Borgese, Elisabeth Mann 1918-2002
BORGESE, Elisabeth Mann 1918-2002
OBITUARY NOTICE—See index for CA sketch: Born April 24, 1918, in Munich, Germany; died of complications from a respiratory infection February 8, 2002, in Samedan, near St. Moritz, Switzerland. Political scientist, environmentalist, educator, and author. Borgese devoted her life to the preservation of the seas and the responsible management of ocean resources. She was an organizer of the first Peace in the Oceans Conference in 1970 and a founder of the International Oceans Institute, which she headed until 1992. Her unflagging efforts contributed to the creation of the United Nations Law of the Seas Treaty in 1982. Borgese, the daughter of German novelist Thomas Mann, was born in Germany but fled that country in 1933. As a U.S. citizen from 1941 to 1983, her work included several years as a senior fellow at the Center for the Study of Democratic Institutions in Santa Barbara, California; she was also a founding member of the Club of Rome. Adopting Canadian citizenship in 1983, Borgese taught political science and law at Dalhousie University in Halifax, Nova Scotia. Her ongoing mission, however, was to protect the sea. She wrote several books, including The Drama of the Oceans, which was widely translated, Ocean Governanceand the United Nations, and The Oceanic Circle: Governing the Seas as a Global Resource. She also promoted the development of the sea as a resource, in books like Seafarm and The Mines of Neptune: Minerals and Metals of the Sea. Borgese's accomplishments were honored worldwide. Her awards include the Order of Canada in 1987, a German Federal Order of Merit, and a Lifetime Achievement Award from the Nuclear Age Peace Foundation.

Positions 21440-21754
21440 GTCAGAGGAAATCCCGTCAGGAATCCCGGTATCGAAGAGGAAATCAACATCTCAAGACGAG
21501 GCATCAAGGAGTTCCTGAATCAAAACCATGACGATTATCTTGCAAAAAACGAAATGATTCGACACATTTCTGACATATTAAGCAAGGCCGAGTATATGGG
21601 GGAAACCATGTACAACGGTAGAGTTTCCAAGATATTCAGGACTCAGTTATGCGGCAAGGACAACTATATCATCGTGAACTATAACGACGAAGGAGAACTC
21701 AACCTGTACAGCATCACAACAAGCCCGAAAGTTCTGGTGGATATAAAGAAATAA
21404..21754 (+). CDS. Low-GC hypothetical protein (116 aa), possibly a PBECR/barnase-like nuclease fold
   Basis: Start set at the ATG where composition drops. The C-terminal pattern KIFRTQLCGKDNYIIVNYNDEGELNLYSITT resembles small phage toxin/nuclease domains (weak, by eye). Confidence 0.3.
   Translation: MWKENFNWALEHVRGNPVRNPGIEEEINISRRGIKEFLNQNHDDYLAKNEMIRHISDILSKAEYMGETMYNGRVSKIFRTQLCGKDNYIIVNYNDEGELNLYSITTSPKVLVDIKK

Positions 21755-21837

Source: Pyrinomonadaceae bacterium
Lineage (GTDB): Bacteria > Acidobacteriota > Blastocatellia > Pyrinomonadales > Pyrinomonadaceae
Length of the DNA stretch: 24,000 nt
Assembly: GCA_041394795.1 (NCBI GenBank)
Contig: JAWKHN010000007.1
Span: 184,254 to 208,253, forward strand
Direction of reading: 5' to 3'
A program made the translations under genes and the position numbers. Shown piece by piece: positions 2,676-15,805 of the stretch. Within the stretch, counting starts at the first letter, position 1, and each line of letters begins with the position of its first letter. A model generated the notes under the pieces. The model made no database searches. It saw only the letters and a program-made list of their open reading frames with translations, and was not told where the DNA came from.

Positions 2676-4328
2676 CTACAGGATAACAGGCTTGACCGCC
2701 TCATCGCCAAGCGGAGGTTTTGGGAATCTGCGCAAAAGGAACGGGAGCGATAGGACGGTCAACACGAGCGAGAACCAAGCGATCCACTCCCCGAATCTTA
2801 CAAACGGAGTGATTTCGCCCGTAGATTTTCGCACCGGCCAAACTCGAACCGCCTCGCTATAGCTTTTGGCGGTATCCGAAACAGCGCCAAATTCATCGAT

OBITUARIES AND OTHER SOURCES:
Los Angeles Times, February 24, 2002, p. B16.
New York Times, February 16, 2002, obituary by Wolfgang Saxon, p. B16.
Times (London, England), March 2, 2002.
Washington Post, February 10, 2002, p. C6.
"Borgese, Elisabeth Mann 1918-2002." Contemporary Authors. . Encyclopedia.com. (September 15, 2019). https://www.encyclopedia.com/arts/educational-magazines/borgese-elisabeth-mann-1918-2002
"Borgese, Elisabeth Mann 1918-2002." Contemporary Authors. . Retrieved September 15, 2019 from Encyclopedia.com: https://www.encyclopedia.com/arts/educational-magazines/borgese-elisabeth-mann-1918-2002
Encyclopedia.com gives you the ability to cite reference entries and articles according to common styles from the Modern Language Association (MLA), The Chicago Manual of Style, and the American Psychological Association (APA).
Within the “Cite this article” tool, pick a style to see how all available information looks when formatted according to that style. Then, copy and paste the text into your bibliography or works cited list.
Because each style has its own formatting nuances that evolve over time and not all information is available for every reference entry or article, Encyclopedia.com cannot guarantee each citation it generates. Therefore, it’s best to use Encyclopedia.com citations as a starting point before checking the style against your school or publication’s requirements and the most-recent information available at these sites:
Modern Language Association
The Chicago Manual of Style
American Psychological Association
- Most online reference entries and articles do not have page numbers. Therefore, that information is unavailable for most Encyclopedia.com content. However, the date of retrieval is often important. Refer to each style’s convention regarding the best way to format page numbers and retrieval dates.
- In addition to the MLA, Chicago, and APA styles, your school, university, publication, or institution may have its own requirements for citations. Therefore, be sure to refer to those guidelines when editing your bibliography or works cited list.